The wedding was lovely, some fascinating guests including a couple that have retired very early and just travel the world and a chap who introduces businesses to Madagascar and a wonderful couple who set up Mafana, a company that sell hand made Malagasy bags into the UK market and a share of the profits go to the MDFand help local communities. Nobody gave presents in the traditional sense, but donations to the charity and the promise to spread the word about the much needed work they do. I looked like death warmed up, the 11 hour drive catching up with me and the subsequent sleepless night (Hope having slept almost the whole drive down). I also had a Cornish haircut which just didn’t sit at all right on my head, though now a week later seems to have settled down and looks as lovely as my mop is capable of looking. I wore the dress I had worn at Hope’s christening which was a little looser on me which was gratifying and Hope stole the show in her pink gingham dress and hat.
Other than the wedding, we walked on the nearby beach, Hope and I paddled in the sea (briefly), we sheltered from lots of heavy rain, and very excitingly Hope had her first proper swim in a swimming pool … twice indoors and once outdoors. I wasn’t sure how she’d react, she loves baths, but she adored it even when we were swamped by small children saying, “Oh a baby” and so on .. she kicked on her front and her back, I dunked her down in the water and she grinned after she’d recovered from the shock and then giggled her funny giggle as she lay facing me on my tummy while I, holding her firmly, swam on my back across the pool. We then lolled and chatted to each other and to Granby who was official photographer and just enjoyed a bit of total relaxation and rare indulgence.
We enjoyed our first public dance togetherto Love Me Tender,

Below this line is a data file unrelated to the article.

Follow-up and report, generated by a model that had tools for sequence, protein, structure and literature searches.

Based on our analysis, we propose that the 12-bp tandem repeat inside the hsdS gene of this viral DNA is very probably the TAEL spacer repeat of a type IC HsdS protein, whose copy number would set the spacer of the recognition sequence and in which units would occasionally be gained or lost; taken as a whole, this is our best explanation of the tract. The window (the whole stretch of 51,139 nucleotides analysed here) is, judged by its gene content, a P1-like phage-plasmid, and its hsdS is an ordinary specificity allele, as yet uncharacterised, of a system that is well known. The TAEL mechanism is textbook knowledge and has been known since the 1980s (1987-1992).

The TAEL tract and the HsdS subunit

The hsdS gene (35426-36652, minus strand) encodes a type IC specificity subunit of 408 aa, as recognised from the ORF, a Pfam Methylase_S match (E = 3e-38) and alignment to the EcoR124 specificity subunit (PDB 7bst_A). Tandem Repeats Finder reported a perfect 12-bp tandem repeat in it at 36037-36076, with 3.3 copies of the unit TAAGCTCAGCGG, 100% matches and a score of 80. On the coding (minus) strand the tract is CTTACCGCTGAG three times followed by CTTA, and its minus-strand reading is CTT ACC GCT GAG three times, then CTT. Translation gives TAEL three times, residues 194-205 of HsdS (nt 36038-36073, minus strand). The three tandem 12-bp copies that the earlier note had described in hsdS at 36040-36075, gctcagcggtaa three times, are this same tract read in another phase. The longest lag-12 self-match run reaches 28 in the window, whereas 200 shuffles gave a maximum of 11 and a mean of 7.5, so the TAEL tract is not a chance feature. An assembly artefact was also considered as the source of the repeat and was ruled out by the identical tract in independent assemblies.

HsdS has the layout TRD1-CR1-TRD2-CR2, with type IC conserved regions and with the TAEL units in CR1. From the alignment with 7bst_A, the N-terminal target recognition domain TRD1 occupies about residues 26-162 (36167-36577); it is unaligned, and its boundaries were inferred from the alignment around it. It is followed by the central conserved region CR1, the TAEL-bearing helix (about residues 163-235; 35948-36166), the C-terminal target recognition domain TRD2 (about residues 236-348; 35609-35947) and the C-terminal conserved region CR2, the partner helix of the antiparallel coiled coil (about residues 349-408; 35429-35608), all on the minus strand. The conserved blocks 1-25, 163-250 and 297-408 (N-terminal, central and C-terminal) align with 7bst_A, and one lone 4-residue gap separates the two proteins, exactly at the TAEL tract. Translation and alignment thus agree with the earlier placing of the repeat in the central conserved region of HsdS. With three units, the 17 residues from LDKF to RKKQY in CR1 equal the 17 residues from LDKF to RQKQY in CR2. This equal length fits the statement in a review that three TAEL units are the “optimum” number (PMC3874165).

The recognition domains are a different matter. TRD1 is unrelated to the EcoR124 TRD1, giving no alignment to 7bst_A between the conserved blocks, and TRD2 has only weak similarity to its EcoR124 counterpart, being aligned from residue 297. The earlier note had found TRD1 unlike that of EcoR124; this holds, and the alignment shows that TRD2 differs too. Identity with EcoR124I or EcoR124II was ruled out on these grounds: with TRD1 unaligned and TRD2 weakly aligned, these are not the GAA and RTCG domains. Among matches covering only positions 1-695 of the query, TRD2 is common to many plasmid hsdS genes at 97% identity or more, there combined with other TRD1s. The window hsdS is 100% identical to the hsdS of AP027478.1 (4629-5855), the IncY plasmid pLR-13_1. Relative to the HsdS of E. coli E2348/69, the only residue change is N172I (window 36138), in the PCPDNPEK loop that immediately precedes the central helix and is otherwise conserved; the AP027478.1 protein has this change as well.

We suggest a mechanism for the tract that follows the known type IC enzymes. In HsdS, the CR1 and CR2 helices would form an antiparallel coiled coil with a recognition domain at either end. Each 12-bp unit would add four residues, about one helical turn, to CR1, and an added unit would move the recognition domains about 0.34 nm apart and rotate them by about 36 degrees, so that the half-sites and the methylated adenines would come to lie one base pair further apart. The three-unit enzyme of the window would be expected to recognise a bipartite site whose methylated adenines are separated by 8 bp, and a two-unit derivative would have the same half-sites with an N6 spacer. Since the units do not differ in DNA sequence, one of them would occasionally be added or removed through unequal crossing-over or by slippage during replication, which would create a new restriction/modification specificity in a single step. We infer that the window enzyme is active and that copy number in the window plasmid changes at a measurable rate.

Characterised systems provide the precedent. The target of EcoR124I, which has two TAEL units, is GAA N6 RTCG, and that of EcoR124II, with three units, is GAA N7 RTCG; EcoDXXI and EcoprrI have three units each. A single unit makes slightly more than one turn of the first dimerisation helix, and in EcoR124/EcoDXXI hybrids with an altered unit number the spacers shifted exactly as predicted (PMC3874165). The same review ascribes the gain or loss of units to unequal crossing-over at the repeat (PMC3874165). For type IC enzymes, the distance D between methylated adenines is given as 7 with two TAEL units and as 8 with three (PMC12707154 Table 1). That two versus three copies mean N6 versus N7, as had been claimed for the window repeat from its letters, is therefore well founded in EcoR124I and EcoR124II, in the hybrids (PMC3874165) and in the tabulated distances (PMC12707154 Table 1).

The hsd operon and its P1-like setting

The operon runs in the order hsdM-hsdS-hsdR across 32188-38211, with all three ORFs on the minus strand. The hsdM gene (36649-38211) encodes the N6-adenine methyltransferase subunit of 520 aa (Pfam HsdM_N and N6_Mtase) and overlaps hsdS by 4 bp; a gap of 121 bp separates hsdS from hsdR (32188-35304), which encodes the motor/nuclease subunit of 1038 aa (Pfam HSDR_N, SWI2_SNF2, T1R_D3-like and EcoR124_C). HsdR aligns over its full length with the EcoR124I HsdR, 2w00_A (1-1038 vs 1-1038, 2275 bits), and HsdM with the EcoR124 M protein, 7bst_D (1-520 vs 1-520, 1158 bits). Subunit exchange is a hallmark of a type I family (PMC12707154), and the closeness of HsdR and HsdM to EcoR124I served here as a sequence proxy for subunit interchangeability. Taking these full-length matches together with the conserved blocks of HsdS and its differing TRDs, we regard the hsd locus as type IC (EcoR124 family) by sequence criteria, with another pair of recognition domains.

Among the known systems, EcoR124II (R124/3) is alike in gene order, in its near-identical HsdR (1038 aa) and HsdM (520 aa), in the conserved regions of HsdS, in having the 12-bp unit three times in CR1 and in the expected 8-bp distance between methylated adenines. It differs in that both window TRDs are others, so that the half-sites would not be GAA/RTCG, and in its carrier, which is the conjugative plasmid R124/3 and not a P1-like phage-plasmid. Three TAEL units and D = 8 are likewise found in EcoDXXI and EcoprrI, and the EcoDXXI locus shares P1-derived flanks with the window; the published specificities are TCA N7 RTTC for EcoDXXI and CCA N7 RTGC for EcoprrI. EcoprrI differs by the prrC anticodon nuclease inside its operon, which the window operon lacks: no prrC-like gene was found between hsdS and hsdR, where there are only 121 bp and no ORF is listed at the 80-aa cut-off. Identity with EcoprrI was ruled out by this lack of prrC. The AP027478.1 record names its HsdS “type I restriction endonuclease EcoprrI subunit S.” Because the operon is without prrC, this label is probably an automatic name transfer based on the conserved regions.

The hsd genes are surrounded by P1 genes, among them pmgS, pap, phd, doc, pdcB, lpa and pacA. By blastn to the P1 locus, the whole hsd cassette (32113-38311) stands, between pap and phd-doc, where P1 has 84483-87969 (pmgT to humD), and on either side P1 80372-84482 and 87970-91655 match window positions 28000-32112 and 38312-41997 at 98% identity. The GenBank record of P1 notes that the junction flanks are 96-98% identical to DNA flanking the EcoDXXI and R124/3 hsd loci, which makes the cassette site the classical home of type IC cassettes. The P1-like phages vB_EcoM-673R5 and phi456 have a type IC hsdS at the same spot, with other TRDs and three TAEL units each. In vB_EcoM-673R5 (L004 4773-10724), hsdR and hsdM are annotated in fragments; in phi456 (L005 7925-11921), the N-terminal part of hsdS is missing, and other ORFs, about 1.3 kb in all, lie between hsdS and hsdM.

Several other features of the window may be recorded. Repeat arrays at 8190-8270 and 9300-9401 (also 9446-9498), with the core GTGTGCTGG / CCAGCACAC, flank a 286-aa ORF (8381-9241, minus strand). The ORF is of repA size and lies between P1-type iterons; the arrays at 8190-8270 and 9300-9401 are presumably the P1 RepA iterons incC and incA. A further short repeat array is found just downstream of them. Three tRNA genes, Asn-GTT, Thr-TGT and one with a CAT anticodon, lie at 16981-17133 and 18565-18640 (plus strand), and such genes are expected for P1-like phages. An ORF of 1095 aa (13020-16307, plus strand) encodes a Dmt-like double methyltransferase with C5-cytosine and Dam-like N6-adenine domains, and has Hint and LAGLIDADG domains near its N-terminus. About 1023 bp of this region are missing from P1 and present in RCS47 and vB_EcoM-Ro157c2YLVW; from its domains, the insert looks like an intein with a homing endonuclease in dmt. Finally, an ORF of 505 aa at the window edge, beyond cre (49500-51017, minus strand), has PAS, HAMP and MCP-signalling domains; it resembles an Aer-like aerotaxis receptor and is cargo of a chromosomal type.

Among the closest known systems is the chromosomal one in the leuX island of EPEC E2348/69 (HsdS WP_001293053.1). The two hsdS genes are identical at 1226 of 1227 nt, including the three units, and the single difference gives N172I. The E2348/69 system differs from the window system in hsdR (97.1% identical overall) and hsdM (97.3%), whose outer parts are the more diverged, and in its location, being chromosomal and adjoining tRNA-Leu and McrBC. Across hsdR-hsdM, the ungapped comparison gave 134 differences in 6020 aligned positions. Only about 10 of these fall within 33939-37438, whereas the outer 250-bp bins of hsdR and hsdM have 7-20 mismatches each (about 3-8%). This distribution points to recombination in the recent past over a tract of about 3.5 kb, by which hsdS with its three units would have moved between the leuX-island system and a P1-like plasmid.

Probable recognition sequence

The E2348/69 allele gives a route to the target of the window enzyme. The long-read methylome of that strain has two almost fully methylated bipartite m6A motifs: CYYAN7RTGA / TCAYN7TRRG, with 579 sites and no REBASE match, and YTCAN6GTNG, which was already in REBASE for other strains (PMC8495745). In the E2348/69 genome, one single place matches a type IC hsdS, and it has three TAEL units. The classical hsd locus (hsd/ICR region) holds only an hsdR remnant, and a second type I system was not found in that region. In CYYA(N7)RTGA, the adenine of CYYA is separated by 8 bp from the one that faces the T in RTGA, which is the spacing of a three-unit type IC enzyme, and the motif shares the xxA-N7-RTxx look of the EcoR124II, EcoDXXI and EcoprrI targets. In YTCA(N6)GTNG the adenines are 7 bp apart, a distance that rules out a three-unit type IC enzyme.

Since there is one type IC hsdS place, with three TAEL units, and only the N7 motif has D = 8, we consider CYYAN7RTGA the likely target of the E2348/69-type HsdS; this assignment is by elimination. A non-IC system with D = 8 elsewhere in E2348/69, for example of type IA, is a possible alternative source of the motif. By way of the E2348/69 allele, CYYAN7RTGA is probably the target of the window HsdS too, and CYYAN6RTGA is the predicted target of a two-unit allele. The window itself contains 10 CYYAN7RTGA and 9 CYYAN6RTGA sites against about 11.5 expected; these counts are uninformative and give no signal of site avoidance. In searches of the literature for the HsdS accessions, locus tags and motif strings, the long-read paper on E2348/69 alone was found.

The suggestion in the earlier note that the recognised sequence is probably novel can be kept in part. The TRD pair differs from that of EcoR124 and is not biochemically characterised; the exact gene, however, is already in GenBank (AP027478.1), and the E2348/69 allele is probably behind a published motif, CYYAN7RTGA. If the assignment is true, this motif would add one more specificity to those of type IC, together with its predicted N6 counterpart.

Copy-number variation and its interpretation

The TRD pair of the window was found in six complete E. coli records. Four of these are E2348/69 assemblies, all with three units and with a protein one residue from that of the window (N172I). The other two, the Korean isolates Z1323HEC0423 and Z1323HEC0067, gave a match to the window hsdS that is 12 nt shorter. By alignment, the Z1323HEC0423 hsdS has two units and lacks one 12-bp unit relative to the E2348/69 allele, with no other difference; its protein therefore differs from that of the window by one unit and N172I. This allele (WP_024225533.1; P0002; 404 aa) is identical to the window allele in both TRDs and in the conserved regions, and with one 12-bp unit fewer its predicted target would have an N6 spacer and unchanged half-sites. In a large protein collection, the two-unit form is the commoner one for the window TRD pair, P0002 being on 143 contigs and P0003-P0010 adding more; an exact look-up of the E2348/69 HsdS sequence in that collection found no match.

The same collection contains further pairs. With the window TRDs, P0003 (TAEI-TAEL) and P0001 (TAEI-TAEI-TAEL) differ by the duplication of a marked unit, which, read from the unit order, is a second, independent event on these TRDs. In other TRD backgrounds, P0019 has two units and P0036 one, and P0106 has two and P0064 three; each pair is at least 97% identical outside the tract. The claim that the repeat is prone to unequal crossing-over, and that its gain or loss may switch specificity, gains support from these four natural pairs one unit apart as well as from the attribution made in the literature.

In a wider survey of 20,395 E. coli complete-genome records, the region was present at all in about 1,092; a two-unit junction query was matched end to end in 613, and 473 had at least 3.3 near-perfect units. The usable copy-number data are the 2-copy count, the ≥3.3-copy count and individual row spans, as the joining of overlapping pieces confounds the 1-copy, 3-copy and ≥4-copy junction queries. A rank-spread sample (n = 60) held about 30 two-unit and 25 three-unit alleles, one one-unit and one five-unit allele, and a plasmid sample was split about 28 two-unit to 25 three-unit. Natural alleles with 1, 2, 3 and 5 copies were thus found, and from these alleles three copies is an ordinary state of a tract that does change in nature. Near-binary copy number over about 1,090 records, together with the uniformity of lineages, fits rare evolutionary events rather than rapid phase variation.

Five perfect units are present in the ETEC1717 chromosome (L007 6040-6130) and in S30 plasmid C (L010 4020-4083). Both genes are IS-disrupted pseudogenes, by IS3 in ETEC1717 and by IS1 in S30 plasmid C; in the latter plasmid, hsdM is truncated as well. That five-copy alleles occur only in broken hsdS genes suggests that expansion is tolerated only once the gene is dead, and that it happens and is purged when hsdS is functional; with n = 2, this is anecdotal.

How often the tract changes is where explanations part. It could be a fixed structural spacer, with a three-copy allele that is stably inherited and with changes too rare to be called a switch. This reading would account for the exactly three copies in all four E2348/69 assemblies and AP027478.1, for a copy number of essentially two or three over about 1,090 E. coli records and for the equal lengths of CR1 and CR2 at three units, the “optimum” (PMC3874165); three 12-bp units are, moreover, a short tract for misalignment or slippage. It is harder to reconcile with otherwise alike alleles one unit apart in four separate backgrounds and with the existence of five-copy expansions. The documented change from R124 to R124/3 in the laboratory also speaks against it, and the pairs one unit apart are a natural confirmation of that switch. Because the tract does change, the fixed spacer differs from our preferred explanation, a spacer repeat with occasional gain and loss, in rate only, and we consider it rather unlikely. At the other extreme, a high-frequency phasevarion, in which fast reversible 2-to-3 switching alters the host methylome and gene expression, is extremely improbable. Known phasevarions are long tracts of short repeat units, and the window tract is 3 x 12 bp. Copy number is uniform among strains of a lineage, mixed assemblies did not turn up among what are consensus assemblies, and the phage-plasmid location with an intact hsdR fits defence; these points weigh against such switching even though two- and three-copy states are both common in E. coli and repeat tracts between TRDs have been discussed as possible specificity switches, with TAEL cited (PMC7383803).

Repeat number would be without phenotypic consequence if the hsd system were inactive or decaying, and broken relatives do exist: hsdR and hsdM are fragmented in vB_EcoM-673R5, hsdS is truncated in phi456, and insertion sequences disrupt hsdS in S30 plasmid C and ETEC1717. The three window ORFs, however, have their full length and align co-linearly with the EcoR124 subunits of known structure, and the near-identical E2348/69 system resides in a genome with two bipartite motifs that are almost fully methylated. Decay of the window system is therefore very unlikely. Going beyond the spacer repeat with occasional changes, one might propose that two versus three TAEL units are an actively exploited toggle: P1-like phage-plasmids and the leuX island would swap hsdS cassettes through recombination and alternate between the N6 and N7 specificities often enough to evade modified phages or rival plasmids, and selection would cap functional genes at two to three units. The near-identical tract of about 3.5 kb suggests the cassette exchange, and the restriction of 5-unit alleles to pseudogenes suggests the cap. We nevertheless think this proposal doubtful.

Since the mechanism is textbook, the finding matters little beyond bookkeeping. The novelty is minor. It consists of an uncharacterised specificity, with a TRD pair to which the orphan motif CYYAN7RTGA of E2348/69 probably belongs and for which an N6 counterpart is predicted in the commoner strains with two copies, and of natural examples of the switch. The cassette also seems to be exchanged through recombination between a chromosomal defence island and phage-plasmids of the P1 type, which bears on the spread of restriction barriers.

and in the streets of Fowey to a great band called Company B .. nothing like swing dancing in the rain.
Meal times were another highlight as the handsome Maitre D’ bought us a highchair … Hope sat in it, all neatly strapped in and looked like the Queen of the World as she ate various bits of melon and sweet potato and marrow.
Well, when I say ate, alot of it went on the floor but it was just lovely seeing her sitting there like a grown up enjoying all the attention and the freedom to fling food and spoons at will round the room. Granby had also bought her favourite wooden spoon which Hope banged joyfully on her highchair table. One mealtime we had pea soup to start with, the young (and also handsome … what is it with Cornish hotel waiters?) bought us a tiny bowl and a tea spoon
so Hope could try some, she loved it and licked and licked and ate literally half the bowl full (probably about a tablespoon) and just looked so happy and pleased afterwards in her best dress all covered in green mush. For pudding we had ice cream … strawberry and also pistachio .. I let her try the tiniest bit. The strawberry ice cream caused her to flinch and look cross, but the pistachio caused her to grin a lovely gummy smile and lick like a small lizard .. she had about a quarter of a teaspoon full but I’m sure would have eaten the whole bowl if she’d been allowed!
Hope also enjoyed the fresh air and the flowers, she managed to behead several hydrangeas (stunning colours) and pulled the petals off several daisies … and she also expressed a fondness for paper doilies (you know the kind of thing under tea cups in posh places?).
We had a very happy time. We were very sad not to be there with her father, but it was wonderful to share the time with my remarkable mother, Hope’s adored Granby and the 3 wiped out and weary travellers that arrived turned into a cheerful gang of 3 happy relaxed (if a little sodden from all the rain) gaggle as we set off back to Cambridge.
Hope grew in confidence during our ‘mini break’, not that she was lacking in it at all, and is now even more fascinated and excited by the world than she was before we went. She also knows she is a “Princess” and reminds me at every opportunity when she feels she’s being treated less than properly!! I never cease to be amazed at her optimistic and happy little face absorbing the world and the joy she seems to take everything in with having appraised it all very solemnly to start with.
It was a huge adventure and a wonderful treat (thank you Granby) and we were so lucky to have the whole experience …
and if you ever pass St Austell and need a place to lay your head on a very comfortable hotel, I can’t recommend the Carlyon Bay Hotel highly enough… even if it did take 11 hours to get there and 8 to get back!